Teaching and learning DEI, My Experience


My wife and I have a kid in college, and she’s taking the mandatory Diversity class. The teacher is an older black woman (not sure if she’s African American, Jamaican American, Polynesian American, or other). Having spent almost all day every day this year researching and writing about Critical Race Theory and Reparations for Slavery, I had certain expectations of the class. Of course, on day one the teacher flat out said that they will not be teaching Critical Race Theory, but the homework and required reading is full of it. That is to say, the required reading teaches certain things and declares them to be truths regardless of how illogical or flat-out stupid these things may be.

The first homework assignment required watching a 5-10minute video set in Papua, New Guinea. In a tall office building, a few guys got together and came up with an idea. It’s sort of like old-school Vaudeville was in the US. The guys wrote little plays with jokes, dancing, singing, and more. The teacher and the required reading had a problem with this. The truth is these little bits of entertainment were little more than live-action commercials, where roving, modern minstrels would tow a trailer out to remote areas and do their advertisement shows for the locals. The phrasing of the class questions made it clear that these minstrels doing live-action Coke commercials for tribesmen were in line with some sort of cultural holocaust.

No joke, reading the literature, hearing the commentary on the video, and reading the homework questions, they made this bs little flatbed trailer with a couple of people in the middle of a remote field in Papua New Guinea, akin to Conquistadors, the British Army marching into a colony, or NAZIs. With all the problems in the world, 8 billion people -most of whom don’t know how to read, have running water, and live far far below the poverty line, this is the problem they were REALLY upset about. Close to nuclear war? Doesn’t matter as long as there are two with a bottle of Coke surrounded by jungle tribesmen in New Guinea. The rhetoric was over the top, and boundless.

The sin that offended the scholars so badly was that greedy imperialists were taking advantage of these tribes. For 9000 years the tribes had lived by foraging in the meanest jungle on the planet. They learned to sustain themselves by growing sweet potatoes, and when they needed to trade with other tribes, they traded in clam shells and pigs. Along comes these Coke capitalists, and now the peaceful, primitive tribes who have lived as one with planet Earth since the last ice age, now they’re being corrupted by the economic imperialists; their resources are somehow stolen by corporate imperialists.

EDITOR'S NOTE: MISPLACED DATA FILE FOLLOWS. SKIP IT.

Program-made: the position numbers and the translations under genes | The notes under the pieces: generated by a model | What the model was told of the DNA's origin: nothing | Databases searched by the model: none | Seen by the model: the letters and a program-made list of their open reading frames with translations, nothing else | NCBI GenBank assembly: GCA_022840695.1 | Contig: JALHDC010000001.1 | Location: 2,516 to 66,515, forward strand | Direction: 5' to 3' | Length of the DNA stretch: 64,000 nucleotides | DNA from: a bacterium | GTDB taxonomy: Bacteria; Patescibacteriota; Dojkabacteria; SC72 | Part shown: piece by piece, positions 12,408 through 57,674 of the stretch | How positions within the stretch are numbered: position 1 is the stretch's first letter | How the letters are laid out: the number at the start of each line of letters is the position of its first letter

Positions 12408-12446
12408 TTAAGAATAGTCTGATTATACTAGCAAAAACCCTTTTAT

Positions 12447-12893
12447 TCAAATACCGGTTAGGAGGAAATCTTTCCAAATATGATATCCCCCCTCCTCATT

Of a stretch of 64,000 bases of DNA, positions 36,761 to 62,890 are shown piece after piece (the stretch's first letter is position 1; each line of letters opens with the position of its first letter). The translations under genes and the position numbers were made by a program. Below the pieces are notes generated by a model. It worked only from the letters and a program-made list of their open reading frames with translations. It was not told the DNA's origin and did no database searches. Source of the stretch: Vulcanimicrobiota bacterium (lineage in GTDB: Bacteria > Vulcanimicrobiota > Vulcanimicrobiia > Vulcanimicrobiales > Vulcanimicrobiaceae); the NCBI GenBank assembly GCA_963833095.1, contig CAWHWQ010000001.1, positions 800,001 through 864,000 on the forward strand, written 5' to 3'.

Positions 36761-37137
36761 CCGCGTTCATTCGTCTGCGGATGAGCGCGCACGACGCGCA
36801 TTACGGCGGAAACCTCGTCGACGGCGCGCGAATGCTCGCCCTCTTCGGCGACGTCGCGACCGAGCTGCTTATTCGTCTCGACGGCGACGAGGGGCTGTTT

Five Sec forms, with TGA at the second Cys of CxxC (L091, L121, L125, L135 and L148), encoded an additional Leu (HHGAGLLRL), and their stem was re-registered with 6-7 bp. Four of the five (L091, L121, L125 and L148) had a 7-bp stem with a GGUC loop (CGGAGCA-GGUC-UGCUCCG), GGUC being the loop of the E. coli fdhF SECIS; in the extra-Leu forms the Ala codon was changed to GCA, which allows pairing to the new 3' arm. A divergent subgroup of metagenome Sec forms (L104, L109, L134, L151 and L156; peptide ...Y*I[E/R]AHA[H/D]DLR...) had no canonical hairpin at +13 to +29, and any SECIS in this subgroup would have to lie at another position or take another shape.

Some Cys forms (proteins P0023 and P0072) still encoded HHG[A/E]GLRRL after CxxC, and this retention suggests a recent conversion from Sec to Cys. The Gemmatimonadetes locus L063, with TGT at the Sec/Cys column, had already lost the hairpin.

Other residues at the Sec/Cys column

I was the wrong person to ask for help with homework that night. Truth be told, I shouldn’t be allowed anywhere near this class (but God help me I want to attend it just once!). The homework asked about the effect of introducing capitalism and modernity to these ancient peoples. The answer they were looking for was that the people who knew little more about life than how to plant a sweet potato were better off left alone, pure, and uncontaminated by the modern world. I explained how that was the answer they wanted, and then I explained further why it was wrong.

Huge crowds were gathering for these little minstrel shows. Thousands of people made their way through the triple canopy jungle, over steep mountains, and across rushing rivers just to watch some guy drink a bottle of coke all at once. He’d finish, burp, and thousands- maybe tens of thousands of people shown in the video would laugh until they cried. I pointed out the enjoyment that these people were getting from the ad shows. I explained how someone in that crowd might look at the bottle, see the symbols, on it, and be inspired to learn to read.

In the palm of a human hand, one can hold all of humanity’s knowledge. Knowing how to read a book, a library, or a smartphone, or how to surf the internet…. I like to think that might enrich someone’s life more than the ins and outs of planting sweet potatoes. Maybe they would watch these little shows and learn more about comedy, and funny stories, and their culture would grow? Maybe they’d just have a Coke and a smile. Once upon a time that wasn’t a bad thing at all. Today, the unchecked spread and consumption of soda pop is so dangerous that college students have to pay thousands of dollars for a class to tell them the evils of bubbly imperialist blood sugar. The textbook, video, and teacher clearly had an unhealthy issue with the unhealthy issue.

The Coke people wanted to sell Coke and other products, so the tribesmen would have to trade some of their goods for cash. The homework really hated this. They asked what effect having to start using cash would have on their culture. The answer they wanted was of course that “cash kills culture”/we should all be one big collective. The logic was flawed, and I pointed this out: having to learn to use cash didn’t mean they couldn’t still use seashells and pigs. Adding cash to their lives would be like adding grapes as a new form of currency for trading with the swamp tribes, or oranges as currency for dealing with the tribes of fishermen. We carry dollars, pesos, euros, and more, and our credit cards can even automatically switch between most currencies.

The homework also asked about language. OMG. Would having to learn to understand the basics of another language make the tribesman lose their identity? If one were to learn a different language, then how would they determine what their identity was? Surely such a dangerous identity crisis would lead to a spike in sweet potato people’s suicide, right? Wouldn’t multiple languages kill their whole culture like in Western Europe (Er, uh, sorry, bad example)? What if through new languages they came to learn about other religions? Or history? Or science? Or different philosophies? Dogs and cats living together?!